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From Michael Gentry <blackn...@gmail.com>
Subject Re: Cayenne object storage / memory usage
Date Wed, 05 Jul 2017 17:35:31 GMT
That makes much more sense!  That'll teach me to sleep-read.  Well,
probably not.  :-)

These are pretty nice improvements overall.  When is 4.1 coming out?  :-)

Thanks,

mrg


On Wed, Jul 5, 2017 at 1:21 PM, Andrus Adamchik <andrus@objectstyle.org>
wrote:

> >  I'm wondering if you
> > inadvertently switched old vs new in the performance section?  (Since the
> > new, on the right, is always slower.)
>
> The benchmark is million ops per second. So a bigger value is
> better/faster (kind of like RPM in a car).
>
> Andrus
>
> > On Jul 5, 2017, at 7:31 PM, Michael Gentry <blacknext@gmail.com> wrote:
> >
> > Hi Nikita,
> >
> > I saw the pull request and was taking a glance at it, so thanks for
> > following up with an e-mail.
> >
> > The memory improvement looks quite nice, but I'm wondering if you
> > inadvertently switched old vs new in the performance section?  (Since the
> > new, on the right, is always slower.)
> >
> > Thanks,
> >
> > mrg
> >
> >
> > On Wed, Jul 5, 2017 at 10:19 AM, Nikita Timofeev <
> ntimofeev@objectstyle.com>
> > wrote:
> >
> >> Hi all,
> >>
> >> I've run some additional benchmarks for field-based classes inspired
> >> by John and they were so promising, that I've moved on
> >> to the implementation.
> >>
> >> So here is pull request for you to review [1].
> >> Here [2] you can see what new generated classes will look like.
> >>
> >> For me there is no visible downsides in this solution, e.g. both
> >> memory usage and speed are improved.
> >> All tests are clean and the only minor incompatibility out there
> >> is in HOLLOW state that no longer resets object's values [3]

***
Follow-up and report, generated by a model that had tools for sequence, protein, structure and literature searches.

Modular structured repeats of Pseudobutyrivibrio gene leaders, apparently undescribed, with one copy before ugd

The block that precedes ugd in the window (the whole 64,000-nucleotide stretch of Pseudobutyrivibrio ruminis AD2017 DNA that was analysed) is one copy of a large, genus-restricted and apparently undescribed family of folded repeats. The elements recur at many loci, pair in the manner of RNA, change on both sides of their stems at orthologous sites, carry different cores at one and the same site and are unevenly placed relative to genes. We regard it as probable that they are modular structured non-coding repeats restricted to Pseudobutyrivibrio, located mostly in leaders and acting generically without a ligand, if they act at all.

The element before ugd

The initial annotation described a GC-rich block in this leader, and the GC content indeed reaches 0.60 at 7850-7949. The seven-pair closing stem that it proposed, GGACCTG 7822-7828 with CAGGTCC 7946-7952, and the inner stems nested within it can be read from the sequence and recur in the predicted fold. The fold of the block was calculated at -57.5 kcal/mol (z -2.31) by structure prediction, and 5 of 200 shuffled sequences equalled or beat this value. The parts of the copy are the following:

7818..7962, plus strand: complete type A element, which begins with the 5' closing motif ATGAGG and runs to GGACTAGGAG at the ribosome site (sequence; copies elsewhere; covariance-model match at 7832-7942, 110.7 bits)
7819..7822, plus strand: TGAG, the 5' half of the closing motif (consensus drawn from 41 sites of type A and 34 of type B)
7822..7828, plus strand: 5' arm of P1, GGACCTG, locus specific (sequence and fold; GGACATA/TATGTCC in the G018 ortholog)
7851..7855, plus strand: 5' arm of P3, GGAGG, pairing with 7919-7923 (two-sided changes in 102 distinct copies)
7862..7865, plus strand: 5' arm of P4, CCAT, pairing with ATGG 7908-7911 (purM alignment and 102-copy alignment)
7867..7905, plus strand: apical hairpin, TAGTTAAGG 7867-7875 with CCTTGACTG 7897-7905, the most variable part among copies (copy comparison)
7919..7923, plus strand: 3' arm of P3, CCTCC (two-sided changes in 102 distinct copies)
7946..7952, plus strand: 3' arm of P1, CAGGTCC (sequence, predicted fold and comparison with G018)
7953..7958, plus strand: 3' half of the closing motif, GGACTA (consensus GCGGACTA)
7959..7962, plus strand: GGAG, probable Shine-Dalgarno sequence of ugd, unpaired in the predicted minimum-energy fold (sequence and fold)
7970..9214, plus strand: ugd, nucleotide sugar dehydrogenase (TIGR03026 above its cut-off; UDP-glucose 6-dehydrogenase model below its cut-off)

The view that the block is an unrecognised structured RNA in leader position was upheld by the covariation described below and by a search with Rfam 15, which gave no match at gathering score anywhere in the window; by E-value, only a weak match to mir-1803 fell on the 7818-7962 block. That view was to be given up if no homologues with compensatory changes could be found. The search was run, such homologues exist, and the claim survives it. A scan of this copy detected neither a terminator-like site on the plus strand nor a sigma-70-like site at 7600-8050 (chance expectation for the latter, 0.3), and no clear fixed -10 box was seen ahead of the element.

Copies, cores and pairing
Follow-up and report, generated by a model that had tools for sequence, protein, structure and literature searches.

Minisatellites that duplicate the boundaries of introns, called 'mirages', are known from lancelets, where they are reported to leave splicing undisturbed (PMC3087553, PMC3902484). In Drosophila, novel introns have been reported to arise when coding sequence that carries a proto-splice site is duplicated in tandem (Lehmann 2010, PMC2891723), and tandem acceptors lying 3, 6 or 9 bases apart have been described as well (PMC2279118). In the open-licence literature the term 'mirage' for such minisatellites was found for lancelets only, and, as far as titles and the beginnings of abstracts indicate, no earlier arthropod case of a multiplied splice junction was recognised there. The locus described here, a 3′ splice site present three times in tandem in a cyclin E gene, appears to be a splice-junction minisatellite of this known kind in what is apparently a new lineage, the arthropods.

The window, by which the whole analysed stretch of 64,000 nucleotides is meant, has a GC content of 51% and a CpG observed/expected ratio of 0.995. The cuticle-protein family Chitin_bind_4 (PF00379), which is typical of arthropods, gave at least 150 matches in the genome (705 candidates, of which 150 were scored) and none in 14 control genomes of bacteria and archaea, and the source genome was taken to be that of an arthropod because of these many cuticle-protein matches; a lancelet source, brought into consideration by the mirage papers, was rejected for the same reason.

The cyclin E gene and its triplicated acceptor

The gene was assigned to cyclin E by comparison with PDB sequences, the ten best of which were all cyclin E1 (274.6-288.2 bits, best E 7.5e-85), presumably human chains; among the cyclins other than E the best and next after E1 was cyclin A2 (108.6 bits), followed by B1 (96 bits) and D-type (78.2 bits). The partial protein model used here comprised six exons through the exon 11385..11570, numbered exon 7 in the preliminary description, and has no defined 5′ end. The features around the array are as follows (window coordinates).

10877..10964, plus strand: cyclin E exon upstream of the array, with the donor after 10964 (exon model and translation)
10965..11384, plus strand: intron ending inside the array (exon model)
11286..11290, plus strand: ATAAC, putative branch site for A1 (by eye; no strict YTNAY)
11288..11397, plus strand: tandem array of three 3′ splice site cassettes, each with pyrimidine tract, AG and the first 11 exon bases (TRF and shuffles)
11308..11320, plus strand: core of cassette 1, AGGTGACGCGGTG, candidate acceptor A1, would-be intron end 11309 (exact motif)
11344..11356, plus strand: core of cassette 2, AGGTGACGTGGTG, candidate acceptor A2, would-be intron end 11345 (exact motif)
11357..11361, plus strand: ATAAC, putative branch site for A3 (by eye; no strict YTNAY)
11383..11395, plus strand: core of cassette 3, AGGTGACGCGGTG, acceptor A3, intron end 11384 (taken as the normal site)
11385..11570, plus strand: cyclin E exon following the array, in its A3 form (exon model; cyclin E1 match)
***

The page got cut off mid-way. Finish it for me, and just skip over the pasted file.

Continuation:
> >> (though this can be implemented as well, I'm just
> >> not sure this is really needed).
> >>
> >> P.S. here is some raw numbers from my benchmarks.
> >> I'm giving absolute numbers, but really only their relation is
> important.
> >> Results for old version are on the left, for new version on the right.
> >>
> >> Memory usage:
> >> ==============
> >> 1. 10.000 small objects
> >> (int, Date and String ~ 20 chars)
> >>>>> 6Mb vs 2.5Mb <<<
> >>
> >> 2. 10.000 objects with big values
> >> (int, Date and String ~ 1K chars)
> >> Actually in case of same classes (same field number),
> >> there will be just constant difference,
> >> so this is just to get idea what to expect in different cases.
> >>>>> 24.5Mb vs 21Mb <<<
> >>
> >> Performance:
> >> ==============
> >> (numbers are in millions ops per sec, measured with JMH benchmark)
> >> 1. Getter:
> >>>>> 107 vs 177 <<<
> >>
> >> 2. Setter:
> >> Not so impressive, as Cayenne stack took most of the
> >> time here to process graph diff, but still new methods are better.
> >>>>> 12.5 vs 14.5 <<<
> >>
> >> 3. readPropertyDirectly:
> >>>>> 152 vs 248 <<<
> >>
> >> 4. writePropertyDirectly:
> >> This is map.put() vs switch(String) battle,
> >> and map definitely loosing it :)
> >>>>> 126 vs 582 <<<
> >>
> >> [1] https://github.com/apache/cayenne/pull/235
> >> [2] https://github.com/stariy95/cayenne/blob/
> >> 544aae0866e8fb1712f07f00794ea3263a4c95b5/cayenne-server/src/
> >> test/java/org/apache/cayenne/testdo/testmap/auto/_Artist.java
> >> [3] https://github.com/stariy95/cayenne/blob/
> >> 544aae0866e8fb1712f07f00794ea3263a4c95b5/cayenne-server/src/
> >> test/java/org/apache/cayenne/access/DataContextExtrasIT.java#L144
> >>
> >> On Wed, Jun 21, 2017 at 10:20 PM, John Huss <johnthuss@gmail.com>
> wrote:
> >>> I was surprised by the difference in memory too, but this is a small
> diff
> >>> (apart from the newly generated readPropertyDirectly/
> >> writePropertyDirectly
> >>> methods) so there isn't anything else going on.  My unverified
> assumption
> >>> of HashMap is that is doubles in size each time it resizes, so entities
> >>> with more fields could cause more waste. For example a entity with 65
> >>> fields would have 63 empty array slots (ignoring fill factor).  So the
> >>> exact savings may vary.
> >>>
> >>> On Sat, Jun 17, 2017 at 1:01 AM Robert Zeigler <
> >> robert.zeigler@roxanemy.com>
> >>> wrote:
> >>>
> >>>> I’m also a little surprised at the 1/2-ing… what were the values
being
> >>>> stored? I suppose in theory, many values are relatively “small”,